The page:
Read about how Gordon’s experienced Montana so far through weatherizing and educating;
Directions to Fort Benton, MT: Drive through 3 mountain ranges, along the Missouri River canyon, and out onto the Plains. Beware of ice, snow, and moose in the road. Continue to what feels like the end of the world, then keep driving. Pass a herd of antelope on the left, and slow down to gape. After 30 more miles, your destination will be on your right.
As a Weatherization and Renewable Energy Educator with Energy Corps, I have the goal of providing light weatherization service to 500 homes this winter, focusing on low income households and the elderly. Of course, as Montana has a population of 1 million spread over an area over 4,000 times the size of Manhattan, these homes aren’t always right next door to each other. So last Sunday night, my colleague Devin and I found ourselves driving the NCAT Prius 200 miles from Butte to Fort Benton, a town of 1,474 along the Upper Missouri River with the distinction of being the first settlement in Montana Territory. We spent the next four days weatherizing homes in the area before returning to Butte to prepare for presentations on food energy at the high school the following Tuesday. Next week we’ll be in Helena, then back in Butte to prepare a solar energy exhibit for the local children’s science museum. Then Havre and the Fort Belknap Reservation the two weeks after, then Kalispell and the Blackfoot Reservation in January. One might say I’ll be traveling a bit.
Montana lives up to all of its names. As the “Big Sky Country,” it has shown me some of the most spectacular sunsets and wide open vistas I have ever seen. As the “Last Best Place” it has proven relatively undiscovered, a vastness worthy of a lifetime of exploration. As the “Treasure State,” Montana also has the largest Superfund site in the nation, the result of environmentally destructive copper mining a stone’s throw away from downtown Butte, my home base for the year.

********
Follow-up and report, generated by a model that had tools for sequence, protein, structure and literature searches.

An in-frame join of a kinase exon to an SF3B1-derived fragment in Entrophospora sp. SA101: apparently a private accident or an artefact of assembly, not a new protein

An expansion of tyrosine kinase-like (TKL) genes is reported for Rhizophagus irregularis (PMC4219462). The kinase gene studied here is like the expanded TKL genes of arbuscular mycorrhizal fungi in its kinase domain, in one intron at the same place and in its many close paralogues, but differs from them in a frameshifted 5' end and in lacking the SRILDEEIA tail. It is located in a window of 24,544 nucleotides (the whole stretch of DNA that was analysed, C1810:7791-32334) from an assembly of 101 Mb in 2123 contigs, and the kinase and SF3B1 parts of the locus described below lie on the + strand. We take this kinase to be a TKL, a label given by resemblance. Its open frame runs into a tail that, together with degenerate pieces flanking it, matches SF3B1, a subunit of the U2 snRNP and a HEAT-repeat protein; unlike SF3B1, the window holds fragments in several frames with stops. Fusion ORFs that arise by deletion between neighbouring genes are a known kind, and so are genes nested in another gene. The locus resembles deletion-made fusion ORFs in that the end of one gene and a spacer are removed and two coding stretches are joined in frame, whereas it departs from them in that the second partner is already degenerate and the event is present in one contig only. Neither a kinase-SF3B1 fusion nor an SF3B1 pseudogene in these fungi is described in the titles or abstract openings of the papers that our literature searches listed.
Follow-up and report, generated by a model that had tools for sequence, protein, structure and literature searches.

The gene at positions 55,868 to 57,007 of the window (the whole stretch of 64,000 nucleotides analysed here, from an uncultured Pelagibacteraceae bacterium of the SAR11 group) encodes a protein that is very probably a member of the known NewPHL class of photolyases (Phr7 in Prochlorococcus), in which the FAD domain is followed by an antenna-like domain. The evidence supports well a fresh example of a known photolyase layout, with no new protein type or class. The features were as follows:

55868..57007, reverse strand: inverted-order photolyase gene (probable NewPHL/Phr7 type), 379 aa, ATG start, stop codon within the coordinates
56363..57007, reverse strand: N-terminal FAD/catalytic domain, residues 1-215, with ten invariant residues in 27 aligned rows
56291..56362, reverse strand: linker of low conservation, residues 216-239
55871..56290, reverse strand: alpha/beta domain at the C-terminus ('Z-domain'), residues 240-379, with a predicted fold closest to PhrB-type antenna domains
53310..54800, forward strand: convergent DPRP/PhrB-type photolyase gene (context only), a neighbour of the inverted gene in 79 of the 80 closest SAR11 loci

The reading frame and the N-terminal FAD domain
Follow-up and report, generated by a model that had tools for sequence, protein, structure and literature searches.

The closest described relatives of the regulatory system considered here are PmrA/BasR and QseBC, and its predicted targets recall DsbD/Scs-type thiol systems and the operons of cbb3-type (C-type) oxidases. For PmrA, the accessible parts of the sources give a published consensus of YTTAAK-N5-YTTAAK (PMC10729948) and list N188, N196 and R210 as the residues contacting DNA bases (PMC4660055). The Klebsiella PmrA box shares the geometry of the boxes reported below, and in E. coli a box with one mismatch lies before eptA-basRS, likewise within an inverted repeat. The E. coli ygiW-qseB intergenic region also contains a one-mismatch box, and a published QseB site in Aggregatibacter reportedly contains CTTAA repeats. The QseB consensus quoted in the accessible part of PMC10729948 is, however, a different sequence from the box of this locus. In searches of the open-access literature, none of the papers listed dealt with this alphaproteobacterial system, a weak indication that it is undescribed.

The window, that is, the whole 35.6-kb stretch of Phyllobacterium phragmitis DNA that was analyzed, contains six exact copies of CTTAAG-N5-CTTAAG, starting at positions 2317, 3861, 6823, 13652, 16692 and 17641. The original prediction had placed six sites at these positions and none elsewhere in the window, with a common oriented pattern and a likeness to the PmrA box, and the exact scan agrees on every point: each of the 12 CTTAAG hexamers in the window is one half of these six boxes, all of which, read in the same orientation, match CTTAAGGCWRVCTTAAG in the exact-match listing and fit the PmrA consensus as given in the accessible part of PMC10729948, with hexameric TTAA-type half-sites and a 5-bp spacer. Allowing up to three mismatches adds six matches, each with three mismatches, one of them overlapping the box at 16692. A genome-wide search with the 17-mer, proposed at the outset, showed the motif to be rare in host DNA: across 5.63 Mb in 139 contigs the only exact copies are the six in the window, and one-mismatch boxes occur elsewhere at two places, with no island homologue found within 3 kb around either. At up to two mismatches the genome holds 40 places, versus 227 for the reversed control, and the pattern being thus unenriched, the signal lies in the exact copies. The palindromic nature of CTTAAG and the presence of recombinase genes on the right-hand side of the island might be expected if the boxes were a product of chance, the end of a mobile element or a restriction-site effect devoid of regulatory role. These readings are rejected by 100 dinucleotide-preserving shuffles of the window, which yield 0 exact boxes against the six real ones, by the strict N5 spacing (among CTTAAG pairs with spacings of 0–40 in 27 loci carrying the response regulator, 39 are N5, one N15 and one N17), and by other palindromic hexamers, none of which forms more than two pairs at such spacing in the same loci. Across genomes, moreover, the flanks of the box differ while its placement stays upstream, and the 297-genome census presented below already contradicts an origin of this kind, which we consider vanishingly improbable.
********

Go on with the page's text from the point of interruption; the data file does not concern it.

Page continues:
But even more than the landscape, the truly remarkable thing about Montana is the people. Toughened by harsh winters and isolation and calmed by natural beauty and open space, Montanans are true characters. Through my position I have had the opportunity to meet some amazing people and hear their stories. There’s the single grandmother who moved to Helena to escape drug addiction on the reservation, the man who was school superintendent in a town of 185 near the North Dakota border until fracking turned the place upside down, and the Vietnam War veteran and environmental scientist hoping to return to his home in the mountains after recovering from chemotherapy. Every home we enter is different, and in return for the geniality and gratitude we receive I only hope that we can make each one a little warmer.
This position has not always been easy. Working with partial funding from a private utility means that climate change is a touchy subject. Doing sustainability education in a state where ranching makes up a crucial part of the economy means that “Meatless Mondays” can be fighting words. In my first week weatherizing, an 81-year-old woman threatened to pull her gun on us when we pulled up in a vehicle without the utility logo. But in the past two months I have also learned more than I could have ever imagined, and I am excited for the many adventures to come. At the end of the day, I wouldn’t trade this experience for anything.
Gordon Bauer recently graduated from Williams College with highest honors in chemistry. He has participated in a number of research projects within the field of renewable energy, including developing improved materials for organic photovoltaic and thermoelectric devices. More recently he completed a research project evaluating the carbon mitigation potential of solar cookers in Nicaragua. Gordon is serving with NCAT this year, weatherizing low income homes and educating communities about energy efficiency and renewable energy technologies.